‘Mind Your Head’ tackles mental health barriers in farming

The Farm Safety Foundation’s annual Mind Your Head campaign returns for its sixth year this week, with a rallying call for farmers and industry to work together to tackle the root causes of stress, anxiety and poor mental health.

This year’s campaign runs from 13 to 17 February and comes at a time when growing pressures and uncertainty have contributed to a deterioration of mental health within the sector. The Office for National Statistics reported 36 farming suicides in England and Wales in 2021.

Farming charities: Who to call to get help 

Rabi 0800 188 4444

Rsabi 0808 1234 555

FCN 03000 111999

Yellow Wellies 01789 455198

Bringing together more than 300 farming organisations and charities, the week-long event strives to break down the stigma associated with mental health, bypassing the invisible barriers that prevent some farmers from seeking help.

See also: Video: Son’s death leads family to back mental health charity

Stephanie Berkeley, manager of the Farm Safety Foundation (aka Yellow Wellies), said: “Our research shows that levels of mental health in farming are deteriorating and it is being propelled by – in addition to many other things – the current political climate, stress caused by Covid and its aftermath, spiralling costs and continuing barriers to adequate care for many people living and working in the rural community.

“Urgent action is needed to support the ongoing mental health of our farmers.”

A survey of more than 900 farmers found that 94% of the UK’s young farmers believe mental health is one of the greatest, and most hidden, challenges facing the industry – a figure that has risen from 84% in 2019.

Yellow Wellies is encouraging farmers to get involved and share their stories using the #MindYourHead hashtag on Facebook, Twitter and Instagram. For more information, visit yellowwellies.org.

Parents of tragic young farmer join the campaign

Andy and Lynda Eadon, from Warwickshire, lost their son Leonard, a student at Harper Adams University, who took his own life in January 2022 aged just 22 years old.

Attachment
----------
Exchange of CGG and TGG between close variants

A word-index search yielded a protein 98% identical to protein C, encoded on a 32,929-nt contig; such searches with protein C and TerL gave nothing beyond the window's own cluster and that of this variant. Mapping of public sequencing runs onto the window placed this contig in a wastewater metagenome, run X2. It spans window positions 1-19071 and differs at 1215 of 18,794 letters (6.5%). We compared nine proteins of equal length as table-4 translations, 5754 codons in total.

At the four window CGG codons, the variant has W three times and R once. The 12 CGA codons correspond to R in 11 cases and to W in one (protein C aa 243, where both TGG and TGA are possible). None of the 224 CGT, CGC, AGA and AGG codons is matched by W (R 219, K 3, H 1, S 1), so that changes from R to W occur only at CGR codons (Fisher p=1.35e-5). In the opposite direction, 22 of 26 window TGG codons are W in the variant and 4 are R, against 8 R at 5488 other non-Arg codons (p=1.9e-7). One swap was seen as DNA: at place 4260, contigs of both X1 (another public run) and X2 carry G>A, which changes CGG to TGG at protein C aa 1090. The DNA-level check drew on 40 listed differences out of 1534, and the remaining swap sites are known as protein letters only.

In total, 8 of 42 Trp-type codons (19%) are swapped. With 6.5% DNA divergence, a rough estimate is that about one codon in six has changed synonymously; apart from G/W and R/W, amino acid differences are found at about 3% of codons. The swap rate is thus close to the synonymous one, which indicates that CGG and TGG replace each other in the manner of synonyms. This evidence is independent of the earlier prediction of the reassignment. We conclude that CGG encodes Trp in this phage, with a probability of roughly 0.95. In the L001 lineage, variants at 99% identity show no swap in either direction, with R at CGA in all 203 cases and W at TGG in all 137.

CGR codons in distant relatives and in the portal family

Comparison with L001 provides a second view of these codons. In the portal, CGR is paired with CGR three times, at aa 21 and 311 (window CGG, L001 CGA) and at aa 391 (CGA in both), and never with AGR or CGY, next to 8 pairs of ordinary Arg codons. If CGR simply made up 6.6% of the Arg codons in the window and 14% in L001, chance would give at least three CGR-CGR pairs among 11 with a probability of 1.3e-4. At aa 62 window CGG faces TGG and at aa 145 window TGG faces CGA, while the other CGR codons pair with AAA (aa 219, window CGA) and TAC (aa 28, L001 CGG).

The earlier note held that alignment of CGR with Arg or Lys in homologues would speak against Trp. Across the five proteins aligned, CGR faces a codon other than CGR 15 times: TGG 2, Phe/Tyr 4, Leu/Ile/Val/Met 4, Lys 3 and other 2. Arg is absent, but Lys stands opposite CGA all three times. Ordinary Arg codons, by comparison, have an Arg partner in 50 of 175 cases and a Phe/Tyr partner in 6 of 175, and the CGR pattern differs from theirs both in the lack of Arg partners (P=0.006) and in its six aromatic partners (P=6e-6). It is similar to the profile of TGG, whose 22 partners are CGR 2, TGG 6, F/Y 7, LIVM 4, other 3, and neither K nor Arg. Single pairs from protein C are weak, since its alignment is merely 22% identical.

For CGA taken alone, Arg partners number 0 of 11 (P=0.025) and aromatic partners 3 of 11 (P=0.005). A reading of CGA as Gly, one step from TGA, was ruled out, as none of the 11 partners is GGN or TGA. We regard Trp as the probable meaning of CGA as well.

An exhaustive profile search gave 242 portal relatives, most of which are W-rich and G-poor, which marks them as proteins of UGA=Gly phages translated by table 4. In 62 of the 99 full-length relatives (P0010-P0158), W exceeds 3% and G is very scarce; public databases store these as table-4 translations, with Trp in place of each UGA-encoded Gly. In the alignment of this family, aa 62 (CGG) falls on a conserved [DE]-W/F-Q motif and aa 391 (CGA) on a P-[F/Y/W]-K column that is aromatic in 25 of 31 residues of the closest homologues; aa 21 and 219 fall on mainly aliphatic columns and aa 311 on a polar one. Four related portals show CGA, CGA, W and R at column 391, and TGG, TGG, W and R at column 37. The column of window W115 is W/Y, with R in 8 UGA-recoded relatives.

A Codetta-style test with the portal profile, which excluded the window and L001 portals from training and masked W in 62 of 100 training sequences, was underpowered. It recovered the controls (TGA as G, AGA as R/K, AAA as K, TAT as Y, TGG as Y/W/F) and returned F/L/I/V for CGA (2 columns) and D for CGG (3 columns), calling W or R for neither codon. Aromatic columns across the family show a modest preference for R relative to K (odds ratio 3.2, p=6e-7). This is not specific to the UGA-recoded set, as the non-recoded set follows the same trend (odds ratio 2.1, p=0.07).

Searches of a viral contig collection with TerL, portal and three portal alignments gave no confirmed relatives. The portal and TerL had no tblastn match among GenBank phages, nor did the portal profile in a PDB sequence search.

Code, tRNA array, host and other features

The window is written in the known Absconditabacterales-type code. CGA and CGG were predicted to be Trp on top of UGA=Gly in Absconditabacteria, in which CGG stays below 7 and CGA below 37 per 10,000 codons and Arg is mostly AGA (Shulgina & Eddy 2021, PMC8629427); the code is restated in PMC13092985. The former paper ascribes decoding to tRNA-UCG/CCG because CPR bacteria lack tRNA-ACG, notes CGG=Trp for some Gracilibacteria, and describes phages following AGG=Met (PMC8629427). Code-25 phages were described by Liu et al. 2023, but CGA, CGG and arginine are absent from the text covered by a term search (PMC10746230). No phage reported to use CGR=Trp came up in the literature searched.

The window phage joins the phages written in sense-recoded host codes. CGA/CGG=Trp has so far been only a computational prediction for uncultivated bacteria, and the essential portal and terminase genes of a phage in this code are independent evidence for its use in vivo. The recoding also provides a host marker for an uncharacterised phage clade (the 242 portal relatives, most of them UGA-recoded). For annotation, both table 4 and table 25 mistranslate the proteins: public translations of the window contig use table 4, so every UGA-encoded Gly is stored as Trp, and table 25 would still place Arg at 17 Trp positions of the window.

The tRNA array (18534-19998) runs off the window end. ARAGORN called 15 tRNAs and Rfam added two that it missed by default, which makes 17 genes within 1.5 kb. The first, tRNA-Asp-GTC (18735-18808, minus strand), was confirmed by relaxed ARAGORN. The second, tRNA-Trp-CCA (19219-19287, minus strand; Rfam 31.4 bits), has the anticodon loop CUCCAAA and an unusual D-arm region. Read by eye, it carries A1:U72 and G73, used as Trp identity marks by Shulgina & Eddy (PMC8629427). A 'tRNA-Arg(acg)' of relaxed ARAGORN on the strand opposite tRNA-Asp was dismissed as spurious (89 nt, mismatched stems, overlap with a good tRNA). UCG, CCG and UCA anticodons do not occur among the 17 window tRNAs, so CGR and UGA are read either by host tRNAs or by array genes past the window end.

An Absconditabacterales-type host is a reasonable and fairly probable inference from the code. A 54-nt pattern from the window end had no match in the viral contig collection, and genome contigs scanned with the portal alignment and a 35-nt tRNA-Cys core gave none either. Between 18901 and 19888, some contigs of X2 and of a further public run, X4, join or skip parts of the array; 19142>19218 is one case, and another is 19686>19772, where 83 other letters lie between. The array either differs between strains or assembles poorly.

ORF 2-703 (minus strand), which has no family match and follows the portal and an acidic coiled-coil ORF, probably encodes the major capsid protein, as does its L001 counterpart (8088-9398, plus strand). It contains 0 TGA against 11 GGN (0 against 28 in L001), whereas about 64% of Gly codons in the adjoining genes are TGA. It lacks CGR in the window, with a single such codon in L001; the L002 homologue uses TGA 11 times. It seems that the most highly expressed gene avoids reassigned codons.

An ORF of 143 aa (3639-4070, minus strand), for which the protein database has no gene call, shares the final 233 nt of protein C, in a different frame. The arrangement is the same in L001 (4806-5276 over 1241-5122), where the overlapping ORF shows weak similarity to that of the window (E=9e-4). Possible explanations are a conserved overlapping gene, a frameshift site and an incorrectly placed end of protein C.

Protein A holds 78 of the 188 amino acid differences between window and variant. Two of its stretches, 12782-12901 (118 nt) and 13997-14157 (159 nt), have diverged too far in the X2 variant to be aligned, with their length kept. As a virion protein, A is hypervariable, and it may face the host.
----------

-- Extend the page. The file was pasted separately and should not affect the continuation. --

A year on, the couple are passionate advocates for mental health in agriculture and have given their backing to Yellow Wellies’ Mind Your Head campaign. They are using their own heart-breaking experience to raise awareness of the signs of poor mental health and how to help someone find the confidence to seek the support they need.

The couple have created the Five-a-Day Challenge in Leonard’s memory.

Lynda said: “When Leonard died, it became a very strong feeling that we had to do something to bring people in the farming community together to talk. This is why Andy devised Five-a-Day Challenge – five very simple things you can do every day to look after your mental health.

“Our hope is that, because Leonard was so well known and it shocked so many people, we want people to keep talking about it and keep remembering him and realise that they need to be aware of what they’re feeling and reach out if they need it. There is no shame. There is no stigma. But there is support.”

So far, more than 18,000 of the bright-red Five-a-Day challenge cards have been distributed to markets, young farmers’ clubs and through the NFU Student Farmer magazine.

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